GM CEO Mary Barra promised investors that the automaker based in Detroit would be making money manufacturing and selling electric cars as soon as 2021.
What the CEO did not explain in detail was how GM is intending to accomplish something no other major automaker has been able to.
The answer rests in a bet on the combination of proprietary battery technology, a flexible low cost vehicle design as well as production that is high-volume with most of it in China, say current as well as former suppliers and GM executives and six experts in the industry.
If GM is able to meet the ambitious target of profitability set by Barra, then it would become two different businesses at some point during the mid-2020s. First traditional focus across North America on SUVs, trucks, and cars powered by fossil fuels, and a worldwide maker of electric cars with a center in China, and branching out into service of pay-per-use like autonomous taxis.
The promise by Barra to reach a profit is bold for a market segment that has been pushed more by policies made by governments that by demand from consumers, and where the largest maker of electric vehicles Tesla Inc. is eating up over $1 billion of its cash every quarter selling vehicles that are premium priced.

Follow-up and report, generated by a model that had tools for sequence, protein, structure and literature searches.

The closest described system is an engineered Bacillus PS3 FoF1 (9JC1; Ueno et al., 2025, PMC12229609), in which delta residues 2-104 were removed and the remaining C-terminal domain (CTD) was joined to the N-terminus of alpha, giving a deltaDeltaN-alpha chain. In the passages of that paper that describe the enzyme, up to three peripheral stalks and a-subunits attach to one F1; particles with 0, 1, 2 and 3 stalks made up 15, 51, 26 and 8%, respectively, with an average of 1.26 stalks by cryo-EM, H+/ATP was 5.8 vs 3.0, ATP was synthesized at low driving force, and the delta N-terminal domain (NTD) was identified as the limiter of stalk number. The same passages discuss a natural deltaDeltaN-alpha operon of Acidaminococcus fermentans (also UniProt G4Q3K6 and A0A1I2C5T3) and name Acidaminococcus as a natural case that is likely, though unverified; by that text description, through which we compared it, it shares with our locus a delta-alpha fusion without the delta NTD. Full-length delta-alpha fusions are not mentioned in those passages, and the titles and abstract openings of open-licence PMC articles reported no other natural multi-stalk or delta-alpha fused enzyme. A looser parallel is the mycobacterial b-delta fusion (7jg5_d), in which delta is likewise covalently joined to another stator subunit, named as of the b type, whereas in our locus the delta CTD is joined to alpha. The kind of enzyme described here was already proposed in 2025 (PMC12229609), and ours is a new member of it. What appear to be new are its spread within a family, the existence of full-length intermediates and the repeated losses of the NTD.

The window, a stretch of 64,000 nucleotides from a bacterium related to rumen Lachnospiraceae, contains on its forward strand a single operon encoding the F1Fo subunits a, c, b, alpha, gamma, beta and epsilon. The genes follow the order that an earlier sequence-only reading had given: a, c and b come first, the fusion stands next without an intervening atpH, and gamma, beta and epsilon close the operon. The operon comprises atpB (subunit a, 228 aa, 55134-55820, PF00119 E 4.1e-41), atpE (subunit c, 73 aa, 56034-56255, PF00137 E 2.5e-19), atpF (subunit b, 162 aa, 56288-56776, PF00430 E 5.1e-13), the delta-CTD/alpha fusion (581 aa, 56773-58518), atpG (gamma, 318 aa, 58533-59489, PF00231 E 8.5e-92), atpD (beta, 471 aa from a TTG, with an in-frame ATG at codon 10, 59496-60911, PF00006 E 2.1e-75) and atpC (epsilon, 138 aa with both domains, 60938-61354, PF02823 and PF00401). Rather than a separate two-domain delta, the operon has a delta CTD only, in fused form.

GM and Barra have invested a great deal in electrification strategy, and worked over the last year persuading investors that GM could compete with the likes of Tesla by building upon the success of the latest electric vehicle of the automaker, its Chevrolet Bolt EV, while cutting costs during the journey.
A key part of this plan, according to people who are familiar with company strategy, is cutting the cobalt in GM’s EMC 1.0 battery system. Cobalt, the most costly ingredient in lithium-ion battery cells, has soared in price the last two years due to expectations of a huge increase in demand from carmakers.
Cobalt prices reached a new record high at the start of 2018 on London’s Metal Exchange.
The new design of the battery for GM increases the nickel content. Nickel enables batteries to store as well as produce more energy.
Engineers at GM are working as well on other designs and technological advances said executives and patent filings by the company, including packaging of the batteries that is more efficient and improved systems for the management of energy flow, as well as for cooling battery cells.